Yet, the Guardian reports that rural house prices are rising twice as fast as in cities. In the countryside locations, they are increasing 14.2% on average, whereas in urban areas it amounts to less than 7%. As the newspaper further notes, the average rural house price in the borough has reached £303,780 in May 2021 compared to £234,150 from the year before.
Though property outside the city remains the cheaper option, the prices aren’t as low as they were in the past. However, if you’re a city dweller, it probably won’t discourage you when the average cost of a house in London amounts to £516,285.
Other Housing Costs
Aside from your mortgage, housing costs also include your utility bills and maintenance. If you want to exchange your urban flat for a house outside the city, you have to be prepared for the surge in your utility consumption. A bigger property requires much more electricity to illuminate the space and power numerous appliances. Moreover, your heating bill will increase because of the building’s size.
Moving to a new home is connected with an initial increase in maintenance costs as inspections don’t always reveal the hidden faults, which should be fixed before they cause further damage. An ill-fated burst of an old pipe can seriously wreak havoc on both your house and wallet, that’s why you’ll also need an emergency fund for any unforeseen expenses.
Despite the additional things to finance, the overall housing costs are lower outside of the city. Usually, the bulk of your money for necessities will cover rent or mortgage. With the cheaper house, you will generate extra savings that you may later invest.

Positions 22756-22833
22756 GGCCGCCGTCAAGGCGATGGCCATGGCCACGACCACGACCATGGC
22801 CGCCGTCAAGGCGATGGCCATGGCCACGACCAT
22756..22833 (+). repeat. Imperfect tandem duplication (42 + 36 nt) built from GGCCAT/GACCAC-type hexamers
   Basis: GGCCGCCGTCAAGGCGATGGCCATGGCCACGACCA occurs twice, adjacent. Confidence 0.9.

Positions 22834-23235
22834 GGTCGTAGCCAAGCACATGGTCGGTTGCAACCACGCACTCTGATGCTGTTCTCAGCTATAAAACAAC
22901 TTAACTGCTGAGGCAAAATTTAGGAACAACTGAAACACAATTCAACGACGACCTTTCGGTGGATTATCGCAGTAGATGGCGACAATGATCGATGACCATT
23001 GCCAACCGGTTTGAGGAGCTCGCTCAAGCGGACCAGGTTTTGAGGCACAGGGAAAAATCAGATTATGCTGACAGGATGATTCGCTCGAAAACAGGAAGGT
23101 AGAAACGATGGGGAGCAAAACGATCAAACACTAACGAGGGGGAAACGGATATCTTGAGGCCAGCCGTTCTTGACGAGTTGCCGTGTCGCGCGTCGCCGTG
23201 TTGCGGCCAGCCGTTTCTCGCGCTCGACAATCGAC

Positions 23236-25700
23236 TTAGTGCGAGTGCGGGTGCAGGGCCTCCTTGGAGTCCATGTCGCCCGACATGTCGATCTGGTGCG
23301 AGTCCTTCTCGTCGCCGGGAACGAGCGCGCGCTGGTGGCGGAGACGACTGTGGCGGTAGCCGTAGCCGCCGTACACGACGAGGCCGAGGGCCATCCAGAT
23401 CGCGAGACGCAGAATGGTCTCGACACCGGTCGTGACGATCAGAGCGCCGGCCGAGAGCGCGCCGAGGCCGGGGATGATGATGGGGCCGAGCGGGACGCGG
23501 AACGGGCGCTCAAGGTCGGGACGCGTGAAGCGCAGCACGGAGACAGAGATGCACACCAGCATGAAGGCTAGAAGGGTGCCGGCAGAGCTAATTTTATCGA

Urban living is incredibly convenient in the matter of transport. Though the city streets are often paralyzed by heavy traffic, the residents may choose public transportation as an alternative for cars. With an extended system consisting of trams, buses, trains, and the tube in London, they can easily travel across the city. In addition, many destinations such as shops, restaurants, or libraries are within walking distance.
However, people from smaller towns don’t have such comfort as they usually only have bus or train connections to other cities. Depending on your current commute, you might find that local buses won’t suffice, and you’ll have to get a car to move around. What is more, in some remote areas even a daily trip to the grocery store could require a trip by vehicle.
If you don’t have a car, you’d have to purchase one before relocating. That entails further spending as you’ll have to factor in car maintenance and fuel. At the moment, the global fuel prices are up and they hit a new record high of 148.02p per liter in the UK. The amount of driving you’ll have to do will considerably influence your cost of living.
As you’re calculating the potential cost of living, you need to build a spreadsheet so you can have a clear visual of your finances. You should have headers for current and new living expenses where you include everything that you could potentially spend money on – housing, utilities, phone, transport, insurance, entertainment, and more. If a category can be further divided, mark it in the spreadsheet, so you’ll know exactly where your money goes.
On the basis of a detailed analysis of your current spending, you’ll be able to a certain degree predict your cost at the new place. When you finally know what percent of your earnings has to be dedicated to necessities, you’ll have enough information to make an informed decision you won’t regret in the future.
Disclaimer: MoneyMagpie is not a licensed financial advisor and therefore information found here including opinions, commentary, suggestions or strategies are for informational, entertainment or educational purposes only. This should not be considered as financial advice. Anyone thinking of investing should conduct their own due diligence.